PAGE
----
You need to remember that when your audience watches your film they are essentially becoming your protagonist. They are putting themselves in his or her shoes and remaining connected to the entire story through that character. The second the protagonist is not likeable is the second that your audience disconnects from that character, and inevitably the film. This point is something that you need to be conscious of throughout your entire filmmaking process – from working with your writer to create a dynamic and likeable character, to casting an actor that is charismatic, all the way through to editing in the right takes that capture the individuals true personality.
Making a likable protagonist is actually quite simple once you recognize the importance of it and make creative decisions throughout the filmmaking process with you character’s likability in mind.
3. They DON’T Trust The Intelligence Of Their Audience
Audiences today have truly seen it all. The average movie-goer has seen thousands of hours of film and television content and in many ways knows the story you are about to tell before you even tell it. Unfortunately many directors today seem to underestimate their audiences and believe that they need their hands held through every last scene and detail in order to understand the story.
As a general rule, you always want to stay a step ahead of your audience (except in certain specific genres or instances), which means you need to trust them to follow along. If you spell out the next plot point for them before it actually happens, they are going to become bored and disinterested very quickly.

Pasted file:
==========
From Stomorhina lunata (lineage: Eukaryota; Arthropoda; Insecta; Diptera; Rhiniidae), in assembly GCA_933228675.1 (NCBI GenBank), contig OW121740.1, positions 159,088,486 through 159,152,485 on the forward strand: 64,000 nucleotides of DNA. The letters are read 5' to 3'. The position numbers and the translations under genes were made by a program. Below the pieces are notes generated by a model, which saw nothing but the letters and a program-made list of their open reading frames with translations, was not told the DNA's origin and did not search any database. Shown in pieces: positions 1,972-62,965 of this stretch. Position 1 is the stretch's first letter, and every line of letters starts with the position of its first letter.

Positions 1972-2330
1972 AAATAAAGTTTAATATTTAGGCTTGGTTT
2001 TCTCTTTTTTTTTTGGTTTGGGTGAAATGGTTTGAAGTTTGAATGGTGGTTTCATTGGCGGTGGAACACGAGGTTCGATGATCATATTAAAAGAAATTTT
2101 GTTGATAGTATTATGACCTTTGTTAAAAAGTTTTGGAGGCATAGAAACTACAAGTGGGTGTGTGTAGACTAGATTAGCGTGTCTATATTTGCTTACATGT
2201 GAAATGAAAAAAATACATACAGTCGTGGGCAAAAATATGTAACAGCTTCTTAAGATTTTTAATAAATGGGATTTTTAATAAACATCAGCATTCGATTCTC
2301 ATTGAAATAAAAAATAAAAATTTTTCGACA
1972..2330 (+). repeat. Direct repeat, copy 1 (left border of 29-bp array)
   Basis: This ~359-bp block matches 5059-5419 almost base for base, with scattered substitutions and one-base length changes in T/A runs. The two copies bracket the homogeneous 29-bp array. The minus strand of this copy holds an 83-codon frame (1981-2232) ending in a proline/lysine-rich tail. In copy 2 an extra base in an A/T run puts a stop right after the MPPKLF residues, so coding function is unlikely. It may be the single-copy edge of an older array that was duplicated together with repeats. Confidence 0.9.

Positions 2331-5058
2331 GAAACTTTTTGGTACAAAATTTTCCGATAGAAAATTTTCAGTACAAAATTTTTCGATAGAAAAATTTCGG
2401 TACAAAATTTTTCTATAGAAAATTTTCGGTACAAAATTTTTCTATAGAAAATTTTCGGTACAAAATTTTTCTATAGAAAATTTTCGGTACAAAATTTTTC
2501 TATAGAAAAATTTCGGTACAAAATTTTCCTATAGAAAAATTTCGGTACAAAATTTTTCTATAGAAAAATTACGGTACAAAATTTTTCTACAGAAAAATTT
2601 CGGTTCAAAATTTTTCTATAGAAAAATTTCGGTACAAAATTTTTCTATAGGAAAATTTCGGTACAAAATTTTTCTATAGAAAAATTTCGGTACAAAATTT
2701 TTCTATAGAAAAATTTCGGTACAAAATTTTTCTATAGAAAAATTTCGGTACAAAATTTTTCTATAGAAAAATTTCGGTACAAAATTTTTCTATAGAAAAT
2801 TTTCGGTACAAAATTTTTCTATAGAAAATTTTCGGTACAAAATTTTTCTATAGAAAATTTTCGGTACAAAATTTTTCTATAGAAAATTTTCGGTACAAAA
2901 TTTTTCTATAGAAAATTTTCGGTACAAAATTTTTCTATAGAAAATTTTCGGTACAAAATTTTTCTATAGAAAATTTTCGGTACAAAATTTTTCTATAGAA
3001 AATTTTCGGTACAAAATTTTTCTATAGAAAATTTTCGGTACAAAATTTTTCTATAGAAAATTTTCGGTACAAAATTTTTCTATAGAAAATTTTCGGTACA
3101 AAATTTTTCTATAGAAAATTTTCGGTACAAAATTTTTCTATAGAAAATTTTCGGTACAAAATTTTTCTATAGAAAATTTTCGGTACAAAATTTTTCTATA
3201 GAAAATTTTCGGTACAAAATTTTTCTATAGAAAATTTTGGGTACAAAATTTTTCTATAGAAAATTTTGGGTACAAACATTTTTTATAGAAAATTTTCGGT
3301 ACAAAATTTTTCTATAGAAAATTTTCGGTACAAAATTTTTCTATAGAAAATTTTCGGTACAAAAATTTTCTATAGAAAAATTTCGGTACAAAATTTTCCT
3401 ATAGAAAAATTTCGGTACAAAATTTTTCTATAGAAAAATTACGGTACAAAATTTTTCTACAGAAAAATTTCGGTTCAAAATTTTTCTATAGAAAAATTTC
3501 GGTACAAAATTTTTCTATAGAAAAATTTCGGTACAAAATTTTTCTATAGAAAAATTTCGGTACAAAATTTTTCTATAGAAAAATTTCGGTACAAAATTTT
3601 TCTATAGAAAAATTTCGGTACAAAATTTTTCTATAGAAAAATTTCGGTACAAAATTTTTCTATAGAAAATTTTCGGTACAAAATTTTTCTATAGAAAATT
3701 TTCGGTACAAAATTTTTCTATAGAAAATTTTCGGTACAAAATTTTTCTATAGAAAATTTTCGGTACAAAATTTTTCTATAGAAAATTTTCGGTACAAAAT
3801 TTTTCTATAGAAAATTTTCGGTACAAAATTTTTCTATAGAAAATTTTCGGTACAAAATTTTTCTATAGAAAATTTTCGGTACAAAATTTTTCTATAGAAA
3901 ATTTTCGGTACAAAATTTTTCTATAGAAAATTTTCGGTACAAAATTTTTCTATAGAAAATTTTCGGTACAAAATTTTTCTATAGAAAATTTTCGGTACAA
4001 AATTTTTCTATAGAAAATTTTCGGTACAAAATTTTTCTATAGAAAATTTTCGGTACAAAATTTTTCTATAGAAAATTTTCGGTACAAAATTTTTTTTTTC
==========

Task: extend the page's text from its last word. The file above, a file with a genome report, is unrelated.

You need to surprise your audience. Show them something that they haven’t seen before, and that they will never see coming. Because if you don’t do that, it doesn’t matter how great your story, your actors, and your production value are – they just won’t care.
4. They DON’T Know When Enough Is Enough
There is a time and a place for a 3 hour film, but for the most part shorter is often better when it comes to feature films. Unless you are directing an epic story that spans generations or has multiple interwoven plot lines, there is no reason why the average film needs 180 minutes to get the story across. These days however, it seems we are seeing more and more ultra-long films (likely because of the ramifications of shooting/editing digitally), and in the majority of cases it is being done to the detriment of the final product.
Often times directors make the mistake of believing that providing their audience with a longer cut makes the film feel more substantial or valuable, but in reality it usually has the exact opposite effect. Shorter films tend to only include the absolute best takes and most captivating moments (even if it means making painful decisions in the editing room), whereas longer films will often include additional scenes or moments that create a meandering and redundant feeling to the final piece. On nearly any film that I have directed, I had enough raw footage to make the film twice as long as I did in the end, but I always chose to have a tighter film with only the best moments packed in, rather than a longer film with a bunch of filler. In the end, it might be hard to lose some of those moments or scenes that you worked so hard for, but your audience will thank you for it.